Forget fad diets and deprivation. Instead, lose weight and get healthy with these simple food swaps
AARP The Magazine, April/May 2016
YOU ALREADY KNOW that cutting down on salt is a good idea for your blood pressure. You may even know that the new 2015 U.S. Dietary Guidelines recommend that your sodium intake be below 2,300 milligrams (mg) a day. That’s the equivalent of eight of those little packets of salt you get at McDonald’s. While that seems like a lot, it’s nothing compared with what’s lurking in some of our most popular restaurant and prepared foods. Here are a few swaps for a better you.

To Control Blood Pressure

Walnuts Roasted, salted nut mix A diet rich in walnuts and walnut oil may help the body respond better to stress and can also help keep diastolic blood pressure levels down, according to a small Pennsylvania study. But while all nuts are healthy, roasting them can ramp up the calories (but not the nutrition). Many cocktail mixes are packed with sugar.
Peanut butter with 1/4 cup of blueberries Peanut butter with blueberry jelly Peanut butter, especially when spread on wholegrain bread, is rich in fiber; a 2015 study funded by the National Institutes of Health showed that increasing fiber to at least 30 grams per day for at least a year resulted in lower blood pressure. Those benefits can be undone with the wrong products, though. Peanut butter and jelly sure sounds wholesome, but the combo packs an awful lot of sugar. According to a study in the journal Open Heart, just a few weeks on a high-sugar diet can increase blood pressure. Instead of jelly, then, try mashing up some blueberries and adding them to your sandwich.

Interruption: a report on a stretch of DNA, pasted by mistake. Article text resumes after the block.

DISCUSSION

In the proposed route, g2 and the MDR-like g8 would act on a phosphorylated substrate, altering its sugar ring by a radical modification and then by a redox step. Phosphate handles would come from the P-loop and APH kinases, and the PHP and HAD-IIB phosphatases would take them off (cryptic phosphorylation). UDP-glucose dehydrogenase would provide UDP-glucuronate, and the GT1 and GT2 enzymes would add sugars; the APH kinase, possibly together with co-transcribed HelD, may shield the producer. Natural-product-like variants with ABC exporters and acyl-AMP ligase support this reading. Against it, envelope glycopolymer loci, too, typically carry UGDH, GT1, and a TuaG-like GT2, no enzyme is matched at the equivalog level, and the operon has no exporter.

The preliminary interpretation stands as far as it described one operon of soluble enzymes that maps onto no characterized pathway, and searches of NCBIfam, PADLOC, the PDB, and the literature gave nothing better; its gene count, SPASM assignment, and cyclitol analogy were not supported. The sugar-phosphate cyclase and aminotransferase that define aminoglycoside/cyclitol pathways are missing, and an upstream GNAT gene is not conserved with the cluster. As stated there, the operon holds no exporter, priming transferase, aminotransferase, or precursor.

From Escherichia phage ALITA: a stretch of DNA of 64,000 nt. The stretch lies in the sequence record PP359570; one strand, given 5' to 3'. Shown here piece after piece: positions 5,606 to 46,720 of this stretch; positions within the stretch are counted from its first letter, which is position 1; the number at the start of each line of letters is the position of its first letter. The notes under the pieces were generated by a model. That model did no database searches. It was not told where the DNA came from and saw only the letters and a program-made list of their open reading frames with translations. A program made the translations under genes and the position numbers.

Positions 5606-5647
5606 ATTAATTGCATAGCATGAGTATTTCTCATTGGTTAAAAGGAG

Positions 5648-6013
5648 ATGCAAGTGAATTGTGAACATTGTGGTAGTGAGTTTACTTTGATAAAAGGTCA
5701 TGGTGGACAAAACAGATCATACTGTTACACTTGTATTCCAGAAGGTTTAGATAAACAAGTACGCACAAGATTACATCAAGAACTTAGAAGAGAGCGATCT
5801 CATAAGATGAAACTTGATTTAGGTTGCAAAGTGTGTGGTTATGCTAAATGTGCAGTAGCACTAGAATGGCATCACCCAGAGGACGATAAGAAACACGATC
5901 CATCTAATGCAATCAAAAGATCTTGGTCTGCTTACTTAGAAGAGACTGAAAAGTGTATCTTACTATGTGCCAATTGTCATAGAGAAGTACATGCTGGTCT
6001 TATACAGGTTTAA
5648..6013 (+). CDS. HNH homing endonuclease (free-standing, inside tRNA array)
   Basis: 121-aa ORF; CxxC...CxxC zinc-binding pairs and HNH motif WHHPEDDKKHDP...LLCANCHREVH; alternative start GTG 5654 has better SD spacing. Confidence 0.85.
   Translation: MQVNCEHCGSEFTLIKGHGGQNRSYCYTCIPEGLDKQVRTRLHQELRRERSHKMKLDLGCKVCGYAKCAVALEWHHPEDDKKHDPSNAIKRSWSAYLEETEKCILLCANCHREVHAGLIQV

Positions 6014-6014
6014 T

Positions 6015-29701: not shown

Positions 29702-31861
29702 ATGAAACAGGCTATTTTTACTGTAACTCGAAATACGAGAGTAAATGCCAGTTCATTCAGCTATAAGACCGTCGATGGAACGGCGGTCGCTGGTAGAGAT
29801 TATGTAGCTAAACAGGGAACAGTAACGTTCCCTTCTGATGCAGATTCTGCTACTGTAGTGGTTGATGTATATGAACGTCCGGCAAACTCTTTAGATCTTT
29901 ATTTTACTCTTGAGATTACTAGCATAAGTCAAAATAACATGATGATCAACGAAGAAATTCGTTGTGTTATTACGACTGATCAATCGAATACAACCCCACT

Guacamole Queso dip While sodium can raise our blood pressure, this salty mineral is counteracted by another mineral, potassium. It’s a lack of potassium, as much as an overdose of sodium that puts us in harm’s way. One cup of avocado delivers about 20 percent of your daily value, plus plenty of fiber.

For a Better Mood

Spinach salad with cherry tomatoes Kale salad, with sliced beefsteak tomatoes Spinach is an excellent source of folate, a B vitamin that helps support the production of serotonin and dopamine, two feel-good neurochemicals. Spinach also provides nearly 160 mg of magnesium, a mineral linked to lower depression. Kale has a fraction of this much magnesium.
Grass-fed beef Conventionally raised beef Beef, lamb and other red meats are packed with iron, a nutrient vital for a stable mood. But take a stake in grass-fed steak. It might be a little more expensive, but animals raised on grass pastures boast much higher levels of two fats associated with better mood: conjugated linoleic acid and omega-3 fatty acids.
Ashwagandha tea Soda Ashwagandha tea is an herbal tea you’ll find in many, if not most, grocery stores. A study in the Indian Journal of Psychological Medicine showed that “Ashwagandha root extract safely and effectively improves an individual’s resistance to stress and thereby improves self-assessed quality of life.”
Dark chocolate Dutch process chocolate If you crave chocolate when you’re feeling down, it may be your body telling you to snack on the world’s most delicious home remedy. Chocolate give you an instant boost in mood and concentration, and improves blood flow to the brain. But beware of chocolates that are “Dutched.” or alkalized–a process that can destroy 60 percent or more of the healthy nutrients in the cocoa.

For Lower Blood Sugar

Salmon, tuna, halibut, black cod, sardines, anchovies, rainbow trout Tilapia, catfish Fatty, cold-water fish such as salmon, tuna and sardines are packed with omega-3s, which help reduce your risk of diabetes. A study by the University of Eastern Finland found that men with the highest intake of omega-3s had a 33 percent lower risk for type 2 diabetes compared with those who ate the least. But not every fish measures up; tilapia and catfish have very few omega-3s.